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Article: Effects of mantle rheologies on viscous heating induced by Glacial Isostatic Adjustment

TitleEffects of mantle rheologies on viscous heating induced by Glacial Isostatic Adjustment
Authors
KeywordsLoading of the Earth
Europe
North America
Heat generation and transport
Rheology: mantle
Issue Date2018
PublisherOxford University Press, published in association with Royal Astronomical Society. The Journal's web site is located at https://academic.oup.com/gji/
Citation
Geophysical Journal International, 2018, v. 213 n. 1, p. 157-168 How to Cite?
AbstractIt has been argued that viscous dissipation from mantle flow in response to surface loading during glacial cycles can result in short-term heating and thus trigger transient volcanism or changes in mantle properties, which may in turn affect mantle dynamics. Furthermore, heating near the Earth's surface can also affect the stability of ice sheets. We have studied the magnitude and spatial-temporal distribution of viscous heating induced in the mantle by the realistic ice model ICE-6G and gravitationally consistent ocean loads. Three types of mantle rheologies, including linear, non-linear and composite rheologies are considered to see if non-linear creep can induce larger viscous heating than linear rheology. We used the Coupled-Laplace-Finite-Element model of Glacial Isostatic Adjustment (GIA) to compute the strain, stress and shear heating during a glacial cycle. We also investigated the upper bound of temperature change and surface heat flux change due to viscous heating. We found that maximum viscous heating occurs near the end of deglaciation near the edge of the ice sheet with amplitude as high as 120 times larger than that of the chondritic radioactive heating. The maximum heat flux due to viscous heating can reach 30 mW m−2, but the area with large heat flux is small and the timescale of heating is short. As a result, the upper bound of temperature change due to viscous heating is small. Even if 30 glacial cycles are included, the largest temperature change can be of the order of 0.3 °C. Thus, viscous heating induced by GIA cannot induce volcanism and cannot significantly affect mantle material properties, mantle dynamics nor ice-sheet stability.
Persistent Identifierhttp://hdl.handle.net/10722/266008
ISSN
2020 Impact Factor: 2.934
2015 SCImago Journal Rankings: 1.839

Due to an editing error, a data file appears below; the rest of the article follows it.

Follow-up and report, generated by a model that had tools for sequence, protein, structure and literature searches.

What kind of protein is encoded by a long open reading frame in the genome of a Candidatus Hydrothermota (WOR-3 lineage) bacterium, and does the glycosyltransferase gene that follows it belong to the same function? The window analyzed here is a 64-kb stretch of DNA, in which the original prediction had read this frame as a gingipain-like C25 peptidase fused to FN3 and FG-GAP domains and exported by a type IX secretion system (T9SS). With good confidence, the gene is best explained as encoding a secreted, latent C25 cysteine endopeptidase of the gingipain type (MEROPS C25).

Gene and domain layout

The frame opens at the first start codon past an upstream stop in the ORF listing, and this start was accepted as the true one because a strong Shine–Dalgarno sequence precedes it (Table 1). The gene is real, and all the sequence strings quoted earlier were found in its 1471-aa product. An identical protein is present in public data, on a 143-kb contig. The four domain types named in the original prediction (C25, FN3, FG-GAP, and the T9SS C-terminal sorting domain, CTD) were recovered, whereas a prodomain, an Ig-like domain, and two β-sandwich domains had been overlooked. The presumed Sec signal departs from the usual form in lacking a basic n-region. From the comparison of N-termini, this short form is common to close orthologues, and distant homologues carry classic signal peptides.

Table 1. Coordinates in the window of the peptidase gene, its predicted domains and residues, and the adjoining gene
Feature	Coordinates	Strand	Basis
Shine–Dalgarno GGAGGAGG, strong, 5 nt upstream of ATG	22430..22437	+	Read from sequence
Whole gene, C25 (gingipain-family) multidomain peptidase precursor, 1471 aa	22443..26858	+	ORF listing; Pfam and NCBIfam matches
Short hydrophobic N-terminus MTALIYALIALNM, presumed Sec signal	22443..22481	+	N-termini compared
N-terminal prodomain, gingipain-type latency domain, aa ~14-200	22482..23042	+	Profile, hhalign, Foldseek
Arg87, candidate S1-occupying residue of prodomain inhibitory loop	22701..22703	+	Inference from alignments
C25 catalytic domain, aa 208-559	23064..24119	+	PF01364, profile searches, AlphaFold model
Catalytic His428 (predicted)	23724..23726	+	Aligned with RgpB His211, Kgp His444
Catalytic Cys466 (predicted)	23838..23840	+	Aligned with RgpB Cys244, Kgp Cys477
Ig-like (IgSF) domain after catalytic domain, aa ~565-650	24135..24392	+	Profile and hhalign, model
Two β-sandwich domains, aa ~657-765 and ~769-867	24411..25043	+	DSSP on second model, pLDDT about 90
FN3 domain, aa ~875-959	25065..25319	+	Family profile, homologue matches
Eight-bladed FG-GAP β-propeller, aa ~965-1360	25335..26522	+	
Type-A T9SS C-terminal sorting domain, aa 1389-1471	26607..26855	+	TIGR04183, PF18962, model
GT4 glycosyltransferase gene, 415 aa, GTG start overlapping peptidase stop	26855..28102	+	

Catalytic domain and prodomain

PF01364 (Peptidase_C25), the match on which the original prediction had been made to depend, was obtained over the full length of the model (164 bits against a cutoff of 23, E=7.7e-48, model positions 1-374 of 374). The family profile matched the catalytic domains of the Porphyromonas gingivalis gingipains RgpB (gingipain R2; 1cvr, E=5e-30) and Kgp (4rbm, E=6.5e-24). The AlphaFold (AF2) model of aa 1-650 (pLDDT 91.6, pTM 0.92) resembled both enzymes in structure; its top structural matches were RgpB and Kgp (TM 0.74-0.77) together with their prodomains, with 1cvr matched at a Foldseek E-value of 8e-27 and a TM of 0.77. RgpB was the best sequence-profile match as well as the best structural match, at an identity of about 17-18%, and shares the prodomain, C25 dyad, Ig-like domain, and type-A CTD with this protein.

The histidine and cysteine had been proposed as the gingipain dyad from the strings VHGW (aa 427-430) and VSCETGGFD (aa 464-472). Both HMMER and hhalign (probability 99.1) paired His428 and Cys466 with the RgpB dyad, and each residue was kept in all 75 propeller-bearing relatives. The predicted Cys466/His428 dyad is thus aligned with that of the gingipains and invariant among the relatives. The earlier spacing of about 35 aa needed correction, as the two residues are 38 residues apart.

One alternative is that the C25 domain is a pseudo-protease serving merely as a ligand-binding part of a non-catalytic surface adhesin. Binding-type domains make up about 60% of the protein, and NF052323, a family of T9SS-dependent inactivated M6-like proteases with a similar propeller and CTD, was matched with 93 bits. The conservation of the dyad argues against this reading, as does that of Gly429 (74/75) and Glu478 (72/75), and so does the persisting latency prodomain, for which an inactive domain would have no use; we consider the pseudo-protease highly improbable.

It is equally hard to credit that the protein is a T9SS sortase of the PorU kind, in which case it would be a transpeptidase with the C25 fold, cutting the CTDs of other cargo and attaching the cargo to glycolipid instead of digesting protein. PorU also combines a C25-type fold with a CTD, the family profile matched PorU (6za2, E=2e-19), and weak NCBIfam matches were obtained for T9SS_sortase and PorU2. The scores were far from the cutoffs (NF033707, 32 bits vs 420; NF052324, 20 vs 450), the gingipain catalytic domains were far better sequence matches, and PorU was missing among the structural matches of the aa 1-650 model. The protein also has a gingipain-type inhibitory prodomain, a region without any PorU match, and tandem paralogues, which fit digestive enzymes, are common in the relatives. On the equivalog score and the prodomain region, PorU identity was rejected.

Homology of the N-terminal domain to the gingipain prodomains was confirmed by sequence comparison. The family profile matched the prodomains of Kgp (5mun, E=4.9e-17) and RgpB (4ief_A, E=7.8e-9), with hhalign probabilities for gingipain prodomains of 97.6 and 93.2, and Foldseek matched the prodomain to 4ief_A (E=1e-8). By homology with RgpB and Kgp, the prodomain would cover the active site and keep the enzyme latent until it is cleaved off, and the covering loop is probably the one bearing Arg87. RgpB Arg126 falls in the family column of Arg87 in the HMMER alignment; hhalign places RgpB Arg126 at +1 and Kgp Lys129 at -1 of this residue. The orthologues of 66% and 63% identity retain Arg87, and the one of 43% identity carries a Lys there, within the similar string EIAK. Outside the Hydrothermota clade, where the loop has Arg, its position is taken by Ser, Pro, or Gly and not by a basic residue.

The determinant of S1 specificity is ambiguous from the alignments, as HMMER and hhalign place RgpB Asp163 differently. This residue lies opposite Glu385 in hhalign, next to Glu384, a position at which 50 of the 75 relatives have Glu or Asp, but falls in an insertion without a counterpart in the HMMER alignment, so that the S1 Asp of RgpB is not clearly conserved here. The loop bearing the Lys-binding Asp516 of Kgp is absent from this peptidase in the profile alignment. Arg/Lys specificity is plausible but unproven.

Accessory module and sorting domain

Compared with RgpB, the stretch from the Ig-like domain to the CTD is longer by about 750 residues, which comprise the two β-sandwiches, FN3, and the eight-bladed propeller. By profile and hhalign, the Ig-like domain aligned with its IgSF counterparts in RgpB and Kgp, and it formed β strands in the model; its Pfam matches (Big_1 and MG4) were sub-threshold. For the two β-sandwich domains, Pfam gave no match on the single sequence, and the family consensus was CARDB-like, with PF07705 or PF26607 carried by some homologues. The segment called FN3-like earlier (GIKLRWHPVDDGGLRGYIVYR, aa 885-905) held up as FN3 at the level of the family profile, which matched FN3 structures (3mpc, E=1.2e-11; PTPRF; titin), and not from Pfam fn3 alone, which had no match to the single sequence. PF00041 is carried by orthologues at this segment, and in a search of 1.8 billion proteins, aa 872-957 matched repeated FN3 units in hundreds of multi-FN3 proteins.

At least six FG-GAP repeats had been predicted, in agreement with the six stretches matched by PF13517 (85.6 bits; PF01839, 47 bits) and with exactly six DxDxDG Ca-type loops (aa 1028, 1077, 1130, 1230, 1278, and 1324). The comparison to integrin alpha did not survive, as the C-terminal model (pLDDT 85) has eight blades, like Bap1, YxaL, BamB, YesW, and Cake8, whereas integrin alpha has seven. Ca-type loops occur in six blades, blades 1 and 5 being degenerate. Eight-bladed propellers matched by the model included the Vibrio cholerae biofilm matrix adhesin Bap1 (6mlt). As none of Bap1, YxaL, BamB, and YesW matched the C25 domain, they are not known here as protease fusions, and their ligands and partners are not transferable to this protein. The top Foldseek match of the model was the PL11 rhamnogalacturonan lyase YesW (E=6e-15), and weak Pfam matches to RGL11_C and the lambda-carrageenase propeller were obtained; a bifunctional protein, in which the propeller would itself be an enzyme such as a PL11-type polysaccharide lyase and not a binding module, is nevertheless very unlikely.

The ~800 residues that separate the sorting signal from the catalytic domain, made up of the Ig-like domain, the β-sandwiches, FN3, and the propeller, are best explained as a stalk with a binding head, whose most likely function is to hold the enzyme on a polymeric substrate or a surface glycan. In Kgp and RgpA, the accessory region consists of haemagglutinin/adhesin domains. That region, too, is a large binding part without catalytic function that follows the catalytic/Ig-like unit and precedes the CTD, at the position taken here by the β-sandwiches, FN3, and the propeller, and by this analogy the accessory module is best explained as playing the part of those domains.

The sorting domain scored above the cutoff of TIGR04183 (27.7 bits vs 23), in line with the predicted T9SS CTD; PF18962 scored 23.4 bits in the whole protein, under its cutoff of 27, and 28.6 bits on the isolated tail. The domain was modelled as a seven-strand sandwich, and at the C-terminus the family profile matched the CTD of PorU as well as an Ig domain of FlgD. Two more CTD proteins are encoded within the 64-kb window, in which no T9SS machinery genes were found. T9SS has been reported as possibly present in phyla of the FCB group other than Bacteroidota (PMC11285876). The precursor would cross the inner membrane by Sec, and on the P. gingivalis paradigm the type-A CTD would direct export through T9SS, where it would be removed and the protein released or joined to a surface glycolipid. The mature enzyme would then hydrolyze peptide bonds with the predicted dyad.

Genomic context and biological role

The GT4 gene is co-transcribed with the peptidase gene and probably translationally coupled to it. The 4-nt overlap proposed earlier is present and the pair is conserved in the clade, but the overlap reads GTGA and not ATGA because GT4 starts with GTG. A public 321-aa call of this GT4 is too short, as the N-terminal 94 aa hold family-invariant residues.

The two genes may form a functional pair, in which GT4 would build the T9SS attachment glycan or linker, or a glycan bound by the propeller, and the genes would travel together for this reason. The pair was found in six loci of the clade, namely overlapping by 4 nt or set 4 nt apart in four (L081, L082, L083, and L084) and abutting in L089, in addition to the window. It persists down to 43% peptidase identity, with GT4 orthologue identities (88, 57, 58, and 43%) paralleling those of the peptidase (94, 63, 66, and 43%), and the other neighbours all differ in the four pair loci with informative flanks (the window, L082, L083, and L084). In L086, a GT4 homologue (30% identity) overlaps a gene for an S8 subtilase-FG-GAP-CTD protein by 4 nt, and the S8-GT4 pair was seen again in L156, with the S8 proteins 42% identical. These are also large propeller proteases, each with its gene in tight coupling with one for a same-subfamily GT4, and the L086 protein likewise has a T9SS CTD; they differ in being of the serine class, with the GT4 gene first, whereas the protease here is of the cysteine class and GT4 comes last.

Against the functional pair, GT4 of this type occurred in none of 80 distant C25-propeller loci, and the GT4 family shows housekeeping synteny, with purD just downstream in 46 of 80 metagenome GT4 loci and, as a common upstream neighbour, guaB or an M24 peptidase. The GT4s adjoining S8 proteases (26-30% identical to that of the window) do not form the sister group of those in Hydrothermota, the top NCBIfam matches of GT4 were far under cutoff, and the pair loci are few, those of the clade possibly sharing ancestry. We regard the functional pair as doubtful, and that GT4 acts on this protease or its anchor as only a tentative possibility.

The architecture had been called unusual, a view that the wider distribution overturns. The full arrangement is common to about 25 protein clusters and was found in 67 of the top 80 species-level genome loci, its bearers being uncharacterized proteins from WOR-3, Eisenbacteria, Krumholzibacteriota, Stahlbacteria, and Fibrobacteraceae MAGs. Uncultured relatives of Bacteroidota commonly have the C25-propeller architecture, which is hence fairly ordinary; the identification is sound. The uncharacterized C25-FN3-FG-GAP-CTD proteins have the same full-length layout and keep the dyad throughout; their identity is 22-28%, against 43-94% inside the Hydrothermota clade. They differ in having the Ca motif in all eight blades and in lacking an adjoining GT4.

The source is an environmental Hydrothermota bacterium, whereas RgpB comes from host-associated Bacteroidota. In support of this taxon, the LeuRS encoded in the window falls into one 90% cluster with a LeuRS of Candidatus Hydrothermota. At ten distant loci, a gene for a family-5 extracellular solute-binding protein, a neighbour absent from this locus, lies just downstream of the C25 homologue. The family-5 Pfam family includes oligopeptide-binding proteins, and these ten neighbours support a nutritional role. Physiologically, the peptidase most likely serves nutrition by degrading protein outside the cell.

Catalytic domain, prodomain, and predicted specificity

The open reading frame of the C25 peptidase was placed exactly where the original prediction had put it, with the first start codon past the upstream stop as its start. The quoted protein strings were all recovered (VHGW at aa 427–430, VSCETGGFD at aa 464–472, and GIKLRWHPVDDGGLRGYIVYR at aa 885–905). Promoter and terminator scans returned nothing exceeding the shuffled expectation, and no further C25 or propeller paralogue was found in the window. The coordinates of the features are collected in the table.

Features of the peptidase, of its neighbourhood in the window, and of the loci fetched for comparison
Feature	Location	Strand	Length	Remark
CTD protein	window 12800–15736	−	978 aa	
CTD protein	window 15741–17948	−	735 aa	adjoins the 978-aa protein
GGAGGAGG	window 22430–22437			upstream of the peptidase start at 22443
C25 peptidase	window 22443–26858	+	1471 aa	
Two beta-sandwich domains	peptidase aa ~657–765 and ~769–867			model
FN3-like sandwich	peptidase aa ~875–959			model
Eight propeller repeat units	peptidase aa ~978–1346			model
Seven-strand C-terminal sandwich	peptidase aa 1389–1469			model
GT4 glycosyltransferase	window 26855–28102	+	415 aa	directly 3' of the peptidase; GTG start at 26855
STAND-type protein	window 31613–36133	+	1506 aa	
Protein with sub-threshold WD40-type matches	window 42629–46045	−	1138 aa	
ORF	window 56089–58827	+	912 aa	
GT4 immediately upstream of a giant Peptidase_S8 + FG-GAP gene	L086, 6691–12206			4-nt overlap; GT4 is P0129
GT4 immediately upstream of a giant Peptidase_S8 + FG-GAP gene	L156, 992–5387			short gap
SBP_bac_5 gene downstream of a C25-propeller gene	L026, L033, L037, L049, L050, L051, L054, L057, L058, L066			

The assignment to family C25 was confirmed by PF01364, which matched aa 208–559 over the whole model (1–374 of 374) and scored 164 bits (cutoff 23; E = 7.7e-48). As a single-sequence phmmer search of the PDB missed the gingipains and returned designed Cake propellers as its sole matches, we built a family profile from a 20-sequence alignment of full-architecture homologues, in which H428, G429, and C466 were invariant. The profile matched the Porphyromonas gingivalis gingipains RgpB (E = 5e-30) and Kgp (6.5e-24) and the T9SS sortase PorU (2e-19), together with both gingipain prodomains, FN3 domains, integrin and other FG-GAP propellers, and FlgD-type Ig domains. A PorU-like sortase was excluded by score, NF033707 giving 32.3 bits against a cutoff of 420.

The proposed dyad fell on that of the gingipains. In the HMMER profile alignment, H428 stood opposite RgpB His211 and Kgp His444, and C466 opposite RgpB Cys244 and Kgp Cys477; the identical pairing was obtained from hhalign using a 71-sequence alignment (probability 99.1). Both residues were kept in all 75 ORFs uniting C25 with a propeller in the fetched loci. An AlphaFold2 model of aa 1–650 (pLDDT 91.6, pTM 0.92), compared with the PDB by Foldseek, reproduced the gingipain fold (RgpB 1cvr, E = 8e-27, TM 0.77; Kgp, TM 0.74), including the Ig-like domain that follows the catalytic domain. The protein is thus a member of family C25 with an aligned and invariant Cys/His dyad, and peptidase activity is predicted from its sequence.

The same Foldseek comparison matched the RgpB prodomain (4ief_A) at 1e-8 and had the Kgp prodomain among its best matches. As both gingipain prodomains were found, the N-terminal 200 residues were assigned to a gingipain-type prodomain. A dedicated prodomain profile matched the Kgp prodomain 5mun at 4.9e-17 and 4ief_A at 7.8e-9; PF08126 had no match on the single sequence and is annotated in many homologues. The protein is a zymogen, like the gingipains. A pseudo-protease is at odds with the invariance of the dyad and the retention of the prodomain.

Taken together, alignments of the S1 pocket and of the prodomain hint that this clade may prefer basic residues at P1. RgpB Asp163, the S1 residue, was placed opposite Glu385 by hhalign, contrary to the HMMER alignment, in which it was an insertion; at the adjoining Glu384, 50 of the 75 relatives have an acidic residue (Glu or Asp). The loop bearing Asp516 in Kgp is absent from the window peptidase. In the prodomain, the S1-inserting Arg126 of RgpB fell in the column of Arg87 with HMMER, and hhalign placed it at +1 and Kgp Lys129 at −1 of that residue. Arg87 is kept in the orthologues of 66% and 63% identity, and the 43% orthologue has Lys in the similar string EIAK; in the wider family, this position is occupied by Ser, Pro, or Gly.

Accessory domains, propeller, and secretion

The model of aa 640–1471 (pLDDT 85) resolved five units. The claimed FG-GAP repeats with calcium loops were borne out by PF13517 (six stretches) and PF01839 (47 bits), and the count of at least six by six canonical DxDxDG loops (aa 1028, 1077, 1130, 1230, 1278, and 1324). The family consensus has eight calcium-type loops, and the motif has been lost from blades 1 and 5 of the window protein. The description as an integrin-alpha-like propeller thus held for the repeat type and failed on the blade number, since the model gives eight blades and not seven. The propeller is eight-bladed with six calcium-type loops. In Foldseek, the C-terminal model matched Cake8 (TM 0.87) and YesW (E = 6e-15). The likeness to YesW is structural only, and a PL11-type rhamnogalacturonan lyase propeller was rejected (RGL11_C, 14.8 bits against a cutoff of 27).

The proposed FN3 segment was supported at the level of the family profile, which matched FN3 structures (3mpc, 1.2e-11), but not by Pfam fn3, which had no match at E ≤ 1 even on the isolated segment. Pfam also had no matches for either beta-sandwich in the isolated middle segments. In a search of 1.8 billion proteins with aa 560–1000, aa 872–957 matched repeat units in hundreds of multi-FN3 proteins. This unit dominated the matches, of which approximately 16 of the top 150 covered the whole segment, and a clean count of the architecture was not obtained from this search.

ISI Accession Number ID

 

DC FieldValueLanguage
dc.contributor.authorHuang, P-
dc.contributor.authorWu, PPC-
dc.contributor.authorvan der Wal, W-
dc.date.accessioned2018-12-17T02:16:31Z-
dc.date.available2018-12-17T02:16:31Z-
dc.date.issued2018-
dc.identifier.citationGeophysical Journal International, 2018, v. 213 n. 1, p. 157-168-
dc.identifier.issn0956-540X-
dc.identifier.urihttp://hdl.handle.net/10722/266008-
dc.description.abstractIt has been argued that viscous dissipation from mantle flow in response to surface loading during glacial cycles can result in short-term heating and thus trigger transient volcanism or changes in mantle properties, which may in turn affect mantle dynamics. Furthermore, heating near the Earth's surface can also affect the stability of ice sheets. We have studied the magnitude and spatial-temporal distribution of viscous heating induced in the mantle by the realistic ice model ICE-6G and gravitationally consistent ocean loads. Three types of mantle rheologies, including linear, non-linear and composite rheologies are considered to see if non-linear creep can induce larger viscous heating than linear rheology. We used the Coupled-Laplace-Finite-Element model of Glacial Isostatic Adjustment (GIA) to compute the strain, stress and shear heating during a glacial cycle. We also investigated the upper bound of temperature change and surface heat flux change due to viscous heating. We found that maximum viscous heating occurs near the end of deglaciation near the edge of the ice sheet with amplitude as high as 120 times larger than that of the chondritic radioactive heating. The maximum heat flux due to viscous heating can reach 30 mW m−2, but the area with large heat flux is small and the timescale of heating is short. As a result, the upper bound of temperature change due to viscous heating is small. Even if 30 glacial cycles are included, the largest temperature change can be of the order of 0.3 °C. Thus, viscous heating induced by GIA cannot induce volcanism and cannot significantly affect mantle material properties, mantle dynamics nor ice-sheet stability.-
dc.languageeng-
dc.publisherOxford University Press, published in association with Royal Astronomical Society. The Journal's web site is located at https://academic.oup.com/gji/-
dc.relation.ispartofGeophysical Journal International-
dc.rightsThis article has been accepted for publication in Geophysical Journal International © 2017 The Authors. Published by Oxford University Press on behalf of the Royal Astronomical Society. All rights reserved.-
dc.subjectLoading of the Earth-
dc.subjectEurope-
dc.subjectNorth America-
dc.subjectHeat generation and transport-
dc.subjectRheology: mantle-
dc.titleEffects of mantle rheologies on viscous heating induced by Glacial Isostatic Adjustment-
dc.typeArticle-
dc.identifier.emailWu, PPC: ppwu@hku.hk-
dc.identifier.authorityWu, PPC=rp01830-
dc.description.naturepublished_or_final_version-
dc.identifier.doi10.1093/gji/ggx535-
dc.identifier.scopuseid_2-s2.0-85041809281-
dc.identifier.hkuros296315-
dc.identifier.volume213-
dc.identifier.issue1-
dc.identifier.spage157-
dc.identifier.epage168-
dc.identifier.isiWOS:000448715000011-
dc.publisher.placeUnited Kingdom-
dc.identifier.issnl0956-540X-

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